(Le Clos Jordanne "Le Clos Jordanne Vineyard" Estate Chardonnay Niagara) Le Clos Jordanne #2 Dear Friends, I've been trying to pry a small library parcel of the "Judgment of Montreal" wine away from Le Clos Jordanne (the Niagra upstart we profiled over the summer) but they are in no hurry to release any (i.e., they don't have any). That wine is now regarded as one of the more important vinous achievement ever to come out of Canada and pressures are coming from France, the Far East and even Ottawa to secure a few cases (nothing like home-grown publicity at a state dinner). While the 2005 Claystone Terrace Chardonnay is not available, they asked me this morning if we wanted a tiny parcel of late release 2005 Le Clos Jordanne Vineyard Chardonnay (the big sister to the Claystone Terrace that won the tasting). The Le Clos Jordanne Vineyard is from the best sweet spot on the estate and is considered a superior wine to the Claystone (this would be like Marcassin "Marcassin Vineyard" next to the "Three Sisters", etc although I'm not comparing the two wineries). If you are curious about vinous history or simply wish to stump your oenophile friends in a lineup of Meursault Charmes or Aubert, this wine is about as hard to find as it gets at this point. I'm not going to say the crop of 2005 Le Clos Jordanne wines will be worth as much 40 years from now as the 1973 Stag's Leap Cabernet, but it is a worthwhile road to go down that signals a new dawn in the world of wine. To refresh your memory on this entity, our original (and verbose) Le Clos Jordanne offer is below (for the 2006's - all are sold out). Here is a link to the "Judgment of Montreal" tasting: http://money.cnn.com/2009/06/12/news/companies/canadian_chardonnay_worlds_best.fortune/index.htm As a pre-release gesture from the winery, we also have a small amount of the new 2007 Villages Chardonnay - 2007 in Niagra is reported to be on the same level as 2007 in Napa (you can use your own imagination as to the quality level) - the entire 2007 range has been on strict allocation from Le Clos Jordanne since last summer - only a few dribbles have gone out to the Province of Ontario and that's about it. The 2007 Villages Reserve is reported to be the finest quality they've ever produced - it is akin to an estate blend that defines each vintage versus the distinction of each single vineyard wine. As far as I know, this is the only US-bound parcel of both wines: 2005 Le Clos Jordanne "Le Clos Jordanne Vineyard" Estate Chardonnay (Niagra) 2007 Le Clos Jordanne "Village Reserve" Estate Chardonnay (Niagra) Thank you - - Jon Rimmerman ********************************** (original offer from the summer of 2009): Le Clos Jordanne Dear Friends, This gets the IMPORTANT tag not just for the wine but for its potential to an entire country's wine industry. Is Le Clos Jordanne the finest new Pinot Noir and Chardonnay producer in North America? The testimonials a few paragraphs below would support a firm answer of yes. Before Oregon and California fans get bent out of shape, there is room for more than one entrant at the top of the heap - it's not like you would dump Roumier Musigny down the drain just because you're enjoying a glass of Mugnier? I had heard stories of this winery since 2005 but my only encounter with their nectar was in passing and not enough to study. I will say up front, I was a pessimist, but I finally had the opportunity to try the wines this summer and it was enlightening to say the least. After sitting with each bottle for many hours over the course of the last several weeks (one at a time/one per day) I am thrilled to tell you this winery has hit the terroir jackpot. While they are a long way from Mugnier (or even Thomas in my opinion) they are on to something very special and it's only the beginning. If you were to seek the best possible parcel of land in North America to produce Burgundian varietals, where would it be? McMinnville? Santa Barbara? Maybe not. How about the Jordan Bench in Canada - yes, Canada. The Jordan Bench lies below Lake Ontario in a little known region for dry wines - part of the Niagara VQA known more for ice-wine. Les Clos Jordanne (a reference to the Jordan Bench) holds the most prized piece of land in this new area and their results with Pinot Noir and Chardonnay are, well, let the testimonials below tell the story (they have dozens more like this on their web site but I thought re-printing 40 testimonials was a bit much - here are a few): Rick VanSickle, Ottawa Sun: "Nothing short of breathtaking. Individually crafted masterpieces." Irvin Wolkoff, The Medical Post: "The wines are stunning. I have never tasted better Canadian table wines. Period." Christopher Silliman, Wein-Plus Magazine: "Le Clos Jordanne is a winery in a category by itself - among the finest examples of Pinot Noir that I've tasted in North America." Robert Noæl, Times and Transcript: "Some of the best Pinot Noir outside of Burgundy - this winery will, I guarantee you, raise the bar for Pinot Noir from new world regions." Steven Page, Wine Spectator Blog: "Cult wines, gotta-have wines; absolutely astounding Pinot Noir" Edward Finstein, Beach Metro News (Toronto): "Astounding and in my mind, the best this country has to offer." Beppi Crosariol, Globe & Mail: "Off to a majestic start. The reds, one better than the other, mark nothing short of a new era for Niagara pinot." Konrad Ejbich, Style: "I was taken aback by their sheer brilliance." ...and, if that's not enough, the crown jewel that should make them more than a curiosity around the globe just occurred this spring - an event likened to the infamous "1976 Judgment of Paris" that has been dubbed "The Judgment of Montreal" where Le Clos Jordanne's 2005 Chardonnay won a blind tasting against well-regarded entrants from Napa, Burgundy, Australia and New Zealand. While many of you may pooh-pooh this as not in the same league as the famous Stag's Leap showing in 1976 that changed the game in Napa Valley, I beg to differ. See article here: http://money.cnn.com/2009/06/12/news/companies/canadian_chardonnay_worlds_best.fortune/index.htm From 100% organic and naturally produced fruit, all of the Le Clos Jordanne wines are hand made with only gravity as an influence. With no serious history of Burgundian production in the Jordan Bench to follow, this winery was shooting from the hip and they've taken about as big a risk as you can imagine in wine. With not a single road to follow, the only path they had was their instinct and their ability to roll the dice. A project that began with only a vision and an iron stomach - there was literally nothing there when Jean-Charles Boisset first happened upon this piece of land by complete happenstance. From the first speck of dust turned to the first finished bottle, everything was on his shoulders. After walking the land and inspecting the soil, he knew this tiny region had the chance to produce results that were close in style to the Cote d'Or but with an individual character that would set them apart. He even believed for the first time in his career that this region had the ability to surpass the tradition of the Cote d'Nuits (given the requisite vine age and experience). He had been to California, Oregon, Central Otago and nearly every other Pinot Noir producing sub-district in the world and he chose the Jordan Bench for this pet project - it was by far the biggest risk of his career but he had to trust his instinct. Jean-Charles gave this project everything he had from a passion standpoint but he also had an unfortunate little problem: money. He had to start from zero and (like a smart business person) he didn't want to use his own funding - he found a willing partner with Constellation and, in exchange for their partnership/ownership, he got to keep the rights to the top-end wines but he gave them the control over the largest vineyard (Talon Ridge) for their commercial endeavors (sort of like an indie/major label record deal - he keeps creative control). In a roundabout fashion, Le Clos Jordanne is now a sister winery with Osoyoos-Larose so you see the level of quality I'm talking about here. While some of this may appear on the surface as mass-market (due to Constellation's involvement), Le Clos Jordanne is anything but - half of the wines in the stable have allocations of 100-150 cases for total export (not just the US) and that's less than something like Roumier Bonnes Mares - it is simply too small a number for an organization like Constellation to bother with and that's one of the reasons why Le Clos Jordanne is not imported to the US (they sell almost everything via the cellar door and to a few retailers and restaurants in Canada and the UK). With that said, I urge you to give each of these a try - they are the top single vineyard wines from the 2006 vintage and each gives a good indication of where this project is headed. As noted, these are currently unavailable in the US but we are bringing them in anyway. A winery who's time is now: 2006 Le Clos Jordanne Pinot Noir "Le Clos Jordanne" - SOLD OUT This is the winery's Les St. George, their top vineyard. In a way, the result reminds me of Nuits St. George mixed with something fresh, new and exciting. What is most surprising about the Pinot Noir produced here is the distinct sense of minerality and varietal expression - this is not a wine solely about cooperage or high alcohol. In general, the alcohol is much lower than in California (13.0-13.5%) and the omnipresent candied fruit that can plague the Golden State is nowhere to be found. The 2006 is an eye-opening wine that is more elegant than the 2005 (I tasted both) but even more cerebral. From a vineyard with incredibly low yields and vine density, this was gently pressed and allowed to flow from tank to barrel without human intervention until it was ready to be bottled. No added yeast or other was used and a spontaneous fermentation took quite a while to complete. Ruby-red, glowing and alive with feminine, citric and floral fruit, this spice-laced wine also has the intrigue of mysterious whiffs of Niagara earth - quite a shocking result and a wine to watch age over the next 4-6 years. HIGHLY RECOMMENDED. For more detailed information on this fussed over entrant: http://www.leclosjordanne.com/en/pdf/wine/LC_NotesLCJEVpinot06.pdf 2006 Le Clos Jordanne Chardonnay "Le Clos Jordanne" - SOLD OUT This wine is above the designation that won the Judgment of Montreal tasting. Like the Pinot Noir, it is also their top single vineyard expression and it is an eye-popping bottle (they also produce a blended wine that is at or above this level, the Grande Clos). From 100% organic fruit that was barely touched after picking all the way to the bottle, the 2006 Le Clos Jordanne gives ample credence to the winning result at the Judgment of Montreal tasting. Teeming with purity, rock, salt, mineral and acacia with a delicate but palate staining band of white-fruit that is bursting with low-alcohol sap (13%), this is the type of wine that will excite anyone interested in the newest and the most untested in the vinous world. A Canadian Meursault/Leeuwin mix that is on its way to the big time. VERY HIGHLY RECOMMENDED. For more information, please see: http://www.leclosjordanne.com/en/pdf/wine/LC_NotesLCJEVchard06.pdf Le Clos Jordanne is a new beacon for Canada's young and emerging wine industry with endless potential and the terroir to prove it. This two-step is an educational as well as gustatory opportunity that should prove to be an active conversation starter at your holiday events this fall. Thank you, Jon Rimmerman Garagiste Seattle, WA Italy2399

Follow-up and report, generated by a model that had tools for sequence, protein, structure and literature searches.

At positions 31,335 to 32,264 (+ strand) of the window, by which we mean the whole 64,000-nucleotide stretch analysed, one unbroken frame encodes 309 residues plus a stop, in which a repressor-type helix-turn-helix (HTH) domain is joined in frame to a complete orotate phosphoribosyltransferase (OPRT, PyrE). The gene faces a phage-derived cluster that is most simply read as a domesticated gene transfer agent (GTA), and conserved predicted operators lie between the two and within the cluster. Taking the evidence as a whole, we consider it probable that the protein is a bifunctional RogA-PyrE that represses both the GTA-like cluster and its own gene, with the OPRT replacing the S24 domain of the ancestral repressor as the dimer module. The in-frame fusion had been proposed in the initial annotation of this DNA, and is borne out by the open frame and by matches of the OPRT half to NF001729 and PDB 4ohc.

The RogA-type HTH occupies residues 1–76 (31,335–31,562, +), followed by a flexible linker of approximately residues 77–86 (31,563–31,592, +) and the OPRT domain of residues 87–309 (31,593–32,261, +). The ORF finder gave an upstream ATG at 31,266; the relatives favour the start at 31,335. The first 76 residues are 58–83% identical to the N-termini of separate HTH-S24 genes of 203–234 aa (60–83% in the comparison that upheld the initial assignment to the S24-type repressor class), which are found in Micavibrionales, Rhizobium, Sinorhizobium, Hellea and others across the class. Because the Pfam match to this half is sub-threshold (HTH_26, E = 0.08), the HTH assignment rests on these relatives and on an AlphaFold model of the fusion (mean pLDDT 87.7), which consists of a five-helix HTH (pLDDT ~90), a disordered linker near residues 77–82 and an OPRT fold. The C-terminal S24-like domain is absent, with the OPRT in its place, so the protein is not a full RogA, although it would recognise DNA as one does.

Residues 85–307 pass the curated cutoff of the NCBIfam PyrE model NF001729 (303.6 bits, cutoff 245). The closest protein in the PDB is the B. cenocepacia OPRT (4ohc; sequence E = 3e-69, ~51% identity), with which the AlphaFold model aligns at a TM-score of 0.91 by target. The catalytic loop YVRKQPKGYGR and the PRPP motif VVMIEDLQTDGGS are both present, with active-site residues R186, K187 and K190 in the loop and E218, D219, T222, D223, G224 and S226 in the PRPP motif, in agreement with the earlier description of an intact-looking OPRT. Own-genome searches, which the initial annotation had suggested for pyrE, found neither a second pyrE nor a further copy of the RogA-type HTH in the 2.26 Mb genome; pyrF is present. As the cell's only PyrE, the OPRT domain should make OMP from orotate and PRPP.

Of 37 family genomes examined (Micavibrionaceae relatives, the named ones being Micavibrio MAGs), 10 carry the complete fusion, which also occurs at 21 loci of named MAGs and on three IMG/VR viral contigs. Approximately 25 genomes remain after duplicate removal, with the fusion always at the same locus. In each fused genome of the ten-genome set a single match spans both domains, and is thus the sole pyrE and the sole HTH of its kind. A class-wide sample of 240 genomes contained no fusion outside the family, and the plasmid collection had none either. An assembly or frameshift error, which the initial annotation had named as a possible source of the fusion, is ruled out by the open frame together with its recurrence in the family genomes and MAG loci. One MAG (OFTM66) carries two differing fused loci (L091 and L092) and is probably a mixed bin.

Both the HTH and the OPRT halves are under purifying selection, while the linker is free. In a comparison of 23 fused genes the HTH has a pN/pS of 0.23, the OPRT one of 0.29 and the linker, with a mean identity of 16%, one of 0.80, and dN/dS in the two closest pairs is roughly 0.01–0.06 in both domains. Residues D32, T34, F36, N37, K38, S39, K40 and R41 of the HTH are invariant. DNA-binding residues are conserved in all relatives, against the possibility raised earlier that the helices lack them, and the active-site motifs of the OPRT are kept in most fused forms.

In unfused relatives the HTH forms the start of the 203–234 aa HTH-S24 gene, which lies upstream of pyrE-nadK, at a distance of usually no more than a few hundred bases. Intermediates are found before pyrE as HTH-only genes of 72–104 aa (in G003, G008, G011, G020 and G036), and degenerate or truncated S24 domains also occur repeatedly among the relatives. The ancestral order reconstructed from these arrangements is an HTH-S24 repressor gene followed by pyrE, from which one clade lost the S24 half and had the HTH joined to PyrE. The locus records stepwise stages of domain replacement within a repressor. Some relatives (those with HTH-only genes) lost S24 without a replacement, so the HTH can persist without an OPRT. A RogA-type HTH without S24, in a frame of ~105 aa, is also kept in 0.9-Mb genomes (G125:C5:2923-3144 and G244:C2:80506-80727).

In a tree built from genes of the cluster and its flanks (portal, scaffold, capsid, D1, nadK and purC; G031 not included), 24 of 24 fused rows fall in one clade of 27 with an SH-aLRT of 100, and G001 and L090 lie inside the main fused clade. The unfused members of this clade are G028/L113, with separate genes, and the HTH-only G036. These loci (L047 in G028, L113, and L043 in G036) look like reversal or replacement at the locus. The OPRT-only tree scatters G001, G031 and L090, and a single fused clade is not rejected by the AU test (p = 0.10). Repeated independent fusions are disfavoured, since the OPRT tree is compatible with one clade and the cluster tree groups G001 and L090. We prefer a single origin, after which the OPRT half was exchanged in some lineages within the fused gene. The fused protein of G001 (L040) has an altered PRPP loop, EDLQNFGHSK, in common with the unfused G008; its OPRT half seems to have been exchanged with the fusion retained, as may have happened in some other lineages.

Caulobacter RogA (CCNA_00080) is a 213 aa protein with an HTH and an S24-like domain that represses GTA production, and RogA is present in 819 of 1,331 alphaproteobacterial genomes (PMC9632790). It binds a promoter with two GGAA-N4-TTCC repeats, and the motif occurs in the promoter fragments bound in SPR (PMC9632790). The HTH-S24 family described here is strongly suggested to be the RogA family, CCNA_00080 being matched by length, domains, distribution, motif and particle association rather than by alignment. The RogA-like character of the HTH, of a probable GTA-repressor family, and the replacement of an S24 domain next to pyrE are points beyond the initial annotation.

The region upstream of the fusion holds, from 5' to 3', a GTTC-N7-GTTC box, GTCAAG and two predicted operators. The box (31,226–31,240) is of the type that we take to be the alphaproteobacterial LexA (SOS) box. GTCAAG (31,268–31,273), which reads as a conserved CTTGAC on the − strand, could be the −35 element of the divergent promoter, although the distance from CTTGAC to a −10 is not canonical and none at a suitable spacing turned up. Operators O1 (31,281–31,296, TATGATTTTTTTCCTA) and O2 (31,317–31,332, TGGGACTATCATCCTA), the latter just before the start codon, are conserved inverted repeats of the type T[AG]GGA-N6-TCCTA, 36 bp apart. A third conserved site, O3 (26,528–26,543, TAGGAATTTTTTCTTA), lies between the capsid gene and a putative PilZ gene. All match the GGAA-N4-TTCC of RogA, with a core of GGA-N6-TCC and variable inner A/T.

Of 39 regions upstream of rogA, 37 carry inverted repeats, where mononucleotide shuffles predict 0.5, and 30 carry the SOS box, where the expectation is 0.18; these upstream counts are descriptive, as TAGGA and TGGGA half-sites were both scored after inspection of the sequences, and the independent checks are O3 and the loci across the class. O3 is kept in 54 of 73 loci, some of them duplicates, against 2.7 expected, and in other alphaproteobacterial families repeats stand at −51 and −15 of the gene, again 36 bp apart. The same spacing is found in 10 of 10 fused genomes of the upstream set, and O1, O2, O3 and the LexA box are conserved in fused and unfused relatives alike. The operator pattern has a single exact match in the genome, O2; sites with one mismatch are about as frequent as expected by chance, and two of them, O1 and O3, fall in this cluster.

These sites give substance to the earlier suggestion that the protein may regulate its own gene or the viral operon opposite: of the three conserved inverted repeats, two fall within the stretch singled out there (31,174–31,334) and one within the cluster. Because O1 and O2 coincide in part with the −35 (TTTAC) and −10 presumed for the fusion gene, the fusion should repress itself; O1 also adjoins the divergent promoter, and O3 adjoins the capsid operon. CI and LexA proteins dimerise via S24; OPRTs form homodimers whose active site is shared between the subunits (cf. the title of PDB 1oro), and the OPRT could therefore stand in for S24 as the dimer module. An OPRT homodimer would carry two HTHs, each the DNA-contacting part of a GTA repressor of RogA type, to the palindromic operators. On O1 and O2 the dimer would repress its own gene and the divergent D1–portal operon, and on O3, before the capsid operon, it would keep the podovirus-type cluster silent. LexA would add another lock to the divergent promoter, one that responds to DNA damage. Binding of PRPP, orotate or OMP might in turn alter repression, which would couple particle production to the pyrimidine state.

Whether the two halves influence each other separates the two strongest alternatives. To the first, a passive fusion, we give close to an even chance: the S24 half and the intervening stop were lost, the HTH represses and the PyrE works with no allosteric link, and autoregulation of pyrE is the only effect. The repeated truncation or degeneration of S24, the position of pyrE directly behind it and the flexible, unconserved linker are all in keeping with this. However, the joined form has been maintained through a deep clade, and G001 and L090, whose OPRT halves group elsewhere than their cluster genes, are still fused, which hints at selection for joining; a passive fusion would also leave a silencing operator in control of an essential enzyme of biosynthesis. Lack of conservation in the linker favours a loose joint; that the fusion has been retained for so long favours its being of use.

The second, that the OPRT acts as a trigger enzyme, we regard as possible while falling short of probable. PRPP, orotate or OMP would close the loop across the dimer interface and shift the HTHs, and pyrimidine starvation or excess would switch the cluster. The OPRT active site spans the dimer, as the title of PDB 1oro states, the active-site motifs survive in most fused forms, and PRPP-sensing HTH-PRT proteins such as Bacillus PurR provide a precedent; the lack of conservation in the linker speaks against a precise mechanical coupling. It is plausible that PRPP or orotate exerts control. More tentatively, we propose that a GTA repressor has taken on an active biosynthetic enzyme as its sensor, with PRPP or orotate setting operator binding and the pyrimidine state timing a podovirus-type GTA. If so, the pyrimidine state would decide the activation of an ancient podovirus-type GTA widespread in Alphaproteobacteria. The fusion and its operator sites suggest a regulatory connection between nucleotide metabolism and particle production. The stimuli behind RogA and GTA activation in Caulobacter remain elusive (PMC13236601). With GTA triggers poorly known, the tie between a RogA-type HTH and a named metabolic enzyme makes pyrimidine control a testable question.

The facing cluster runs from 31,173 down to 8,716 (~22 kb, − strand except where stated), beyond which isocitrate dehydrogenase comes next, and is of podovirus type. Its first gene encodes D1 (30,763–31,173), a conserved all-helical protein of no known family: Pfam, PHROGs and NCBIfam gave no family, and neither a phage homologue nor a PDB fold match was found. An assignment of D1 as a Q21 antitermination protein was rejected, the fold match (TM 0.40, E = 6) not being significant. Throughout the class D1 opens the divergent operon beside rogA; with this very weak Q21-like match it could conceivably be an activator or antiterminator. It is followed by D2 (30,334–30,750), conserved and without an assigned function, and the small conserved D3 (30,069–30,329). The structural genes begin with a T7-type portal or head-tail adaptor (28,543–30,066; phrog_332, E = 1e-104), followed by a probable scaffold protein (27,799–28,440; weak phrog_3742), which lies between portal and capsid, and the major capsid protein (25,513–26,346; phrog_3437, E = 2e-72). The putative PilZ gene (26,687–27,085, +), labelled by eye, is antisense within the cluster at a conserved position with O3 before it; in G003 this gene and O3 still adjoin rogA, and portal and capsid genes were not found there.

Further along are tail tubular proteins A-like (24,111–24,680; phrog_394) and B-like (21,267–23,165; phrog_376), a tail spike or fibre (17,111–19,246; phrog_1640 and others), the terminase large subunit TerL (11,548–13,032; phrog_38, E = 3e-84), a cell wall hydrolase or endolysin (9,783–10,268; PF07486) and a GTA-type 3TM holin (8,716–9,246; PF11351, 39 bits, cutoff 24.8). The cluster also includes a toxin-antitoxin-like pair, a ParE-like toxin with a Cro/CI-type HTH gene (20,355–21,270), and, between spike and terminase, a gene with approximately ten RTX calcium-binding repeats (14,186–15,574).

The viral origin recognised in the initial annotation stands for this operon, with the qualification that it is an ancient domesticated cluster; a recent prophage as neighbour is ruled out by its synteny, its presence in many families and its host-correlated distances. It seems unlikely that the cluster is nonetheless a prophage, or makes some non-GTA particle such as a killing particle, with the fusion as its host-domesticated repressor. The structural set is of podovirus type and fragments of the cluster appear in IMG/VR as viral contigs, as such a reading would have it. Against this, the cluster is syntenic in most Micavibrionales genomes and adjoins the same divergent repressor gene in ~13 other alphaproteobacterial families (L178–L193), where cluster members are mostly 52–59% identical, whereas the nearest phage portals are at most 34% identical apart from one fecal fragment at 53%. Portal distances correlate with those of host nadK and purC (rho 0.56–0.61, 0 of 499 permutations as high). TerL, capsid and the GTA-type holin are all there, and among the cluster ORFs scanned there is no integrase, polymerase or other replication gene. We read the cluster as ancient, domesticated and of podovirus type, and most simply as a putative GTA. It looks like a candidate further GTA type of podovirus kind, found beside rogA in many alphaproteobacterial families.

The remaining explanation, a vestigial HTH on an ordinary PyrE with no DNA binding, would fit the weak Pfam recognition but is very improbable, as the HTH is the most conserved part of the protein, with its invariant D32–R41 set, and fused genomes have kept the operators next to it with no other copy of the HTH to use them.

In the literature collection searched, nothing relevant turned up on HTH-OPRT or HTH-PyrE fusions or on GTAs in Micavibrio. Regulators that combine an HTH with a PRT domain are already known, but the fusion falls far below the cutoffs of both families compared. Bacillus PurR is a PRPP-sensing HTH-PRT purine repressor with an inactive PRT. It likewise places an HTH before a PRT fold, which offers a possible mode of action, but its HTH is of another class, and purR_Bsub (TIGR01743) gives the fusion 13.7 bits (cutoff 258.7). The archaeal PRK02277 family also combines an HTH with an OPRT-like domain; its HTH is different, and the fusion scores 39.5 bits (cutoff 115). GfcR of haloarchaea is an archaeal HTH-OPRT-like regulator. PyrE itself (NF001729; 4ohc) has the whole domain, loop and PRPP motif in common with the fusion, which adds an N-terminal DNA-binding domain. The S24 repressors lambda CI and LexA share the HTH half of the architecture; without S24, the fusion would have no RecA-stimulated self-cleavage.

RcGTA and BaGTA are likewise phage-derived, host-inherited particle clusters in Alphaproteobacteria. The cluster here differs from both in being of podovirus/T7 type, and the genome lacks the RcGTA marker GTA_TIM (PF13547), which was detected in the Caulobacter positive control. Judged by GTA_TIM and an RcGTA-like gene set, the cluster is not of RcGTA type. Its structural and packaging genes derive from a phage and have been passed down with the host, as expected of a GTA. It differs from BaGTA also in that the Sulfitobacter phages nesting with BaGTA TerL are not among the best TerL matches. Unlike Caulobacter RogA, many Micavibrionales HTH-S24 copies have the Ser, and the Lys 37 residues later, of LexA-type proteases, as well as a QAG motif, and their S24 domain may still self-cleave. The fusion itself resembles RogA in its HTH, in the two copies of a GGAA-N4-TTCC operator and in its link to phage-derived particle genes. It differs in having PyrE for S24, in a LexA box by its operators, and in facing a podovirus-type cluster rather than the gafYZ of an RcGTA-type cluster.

Wine Definition

  • Vintage 2005
  • Type White
  • Producer Le Clos Jordanne
  • Varietal Chardonnay
  • Designation n/a
  • Vineyard Le Clos Jordanne Vineyard
  • Country Canada
  • Region Ontario
  • SubRegion Niagara Peninsula
  • Appellation Niagara Peninsula VQA
  • UPC Code 871601003246

Community Holdings

  • Pending Delivery 0 (0%)
  • In Cellars 50 (49%)
  • Consumed 53 (51%)

Food Pairing